Safe and stable child care is essential to low- and moderate-income parents’ ability to find and hold on to jobs. It’s also expensive. As we show in our Making Ends Meet report, which estimates how much it costs to raise a family in California, the cost of care for two children takes up about 20 percent of a single-parent family’s basic budget – the amount needed to cover essential needs without public or private assistance. That equates to more than $1,000 per month for child care in many counties, a cost that is clearly prohibitive for low- and moderate-income families.
California’s child care programs offer a solution for tens of thousands of families in which parents are working, looking for work, or participating in training. These programs help families access safe, reliable, and affordable child care and serve more than 300,000 children every month, as we point out in our new chartbook, Key Facts About Child Care and Development Programs in California. However, the Governor’s Proposed 2011-12 Budget includes deep cuts to child care, including shifting potentially hundreds of dollars in costs each month to low- and moderate-income families. These proposed cuts would reduce total funding for California’s child care and development programs – which also include state preschool and afterschool – by more than 18 percent between 2010-11 and 2011-12, with almost all of the impact falling on child care programs. In fact, preschool and afterschool funding would remain essentially flat in 2011-12 compared to recent years, after adjusting for inflation. As the Legislature seeks a balanced approach to closing the budget gap, we hope that policymakers will adopt “solutions” that recognize that child care assistance is more important than ever as parents struggle to find or hold on to jobs in the wake of the Great Recession.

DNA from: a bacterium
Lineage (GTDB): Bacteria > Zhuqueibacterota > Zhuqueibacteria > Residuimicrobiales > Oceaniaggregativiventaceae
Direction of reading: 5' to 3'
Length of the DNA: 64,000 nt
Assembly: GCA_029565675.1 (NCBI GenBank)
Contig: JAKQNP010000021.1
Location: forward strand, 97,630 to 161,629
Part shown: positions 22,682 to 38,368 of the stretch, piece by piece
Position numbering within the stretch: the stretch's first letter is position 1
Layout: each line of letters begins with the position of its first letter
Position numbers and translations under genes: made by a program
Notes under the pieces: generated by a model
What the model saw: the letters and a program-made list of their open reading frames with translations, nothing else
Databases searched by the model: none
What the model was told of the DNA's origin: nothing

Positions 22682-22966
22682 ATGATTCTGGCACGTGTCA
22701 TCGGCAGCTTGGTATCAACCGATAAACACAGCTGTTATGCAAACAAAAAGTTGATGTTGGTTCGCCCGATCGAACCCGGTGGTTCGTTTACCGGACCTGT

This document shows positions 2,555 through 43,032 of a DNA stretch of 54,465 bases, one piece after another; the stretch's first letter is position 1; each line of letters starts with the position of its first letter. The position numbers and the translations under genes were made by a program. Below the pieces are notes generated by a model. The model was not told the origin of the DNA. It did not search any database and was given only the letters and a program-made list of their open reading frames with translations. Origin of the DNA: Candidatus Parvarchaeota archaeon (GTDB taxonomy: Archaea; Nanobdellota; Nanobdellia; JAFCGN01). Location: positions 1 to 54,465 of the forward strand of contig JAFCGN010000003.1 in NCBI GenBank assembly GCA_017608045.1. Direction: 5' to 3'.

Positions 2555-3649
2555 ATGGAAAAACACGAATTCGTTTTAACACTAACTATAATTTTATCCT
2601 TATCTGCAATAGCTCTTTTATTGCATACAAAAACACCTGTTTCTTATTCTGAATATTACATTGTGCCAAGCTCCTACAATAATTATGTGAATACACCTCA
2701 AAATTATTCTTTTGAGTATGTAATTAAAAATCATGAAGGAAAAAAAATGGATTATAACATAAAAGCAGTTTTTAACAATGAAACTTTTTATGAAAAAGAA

— Scott Graves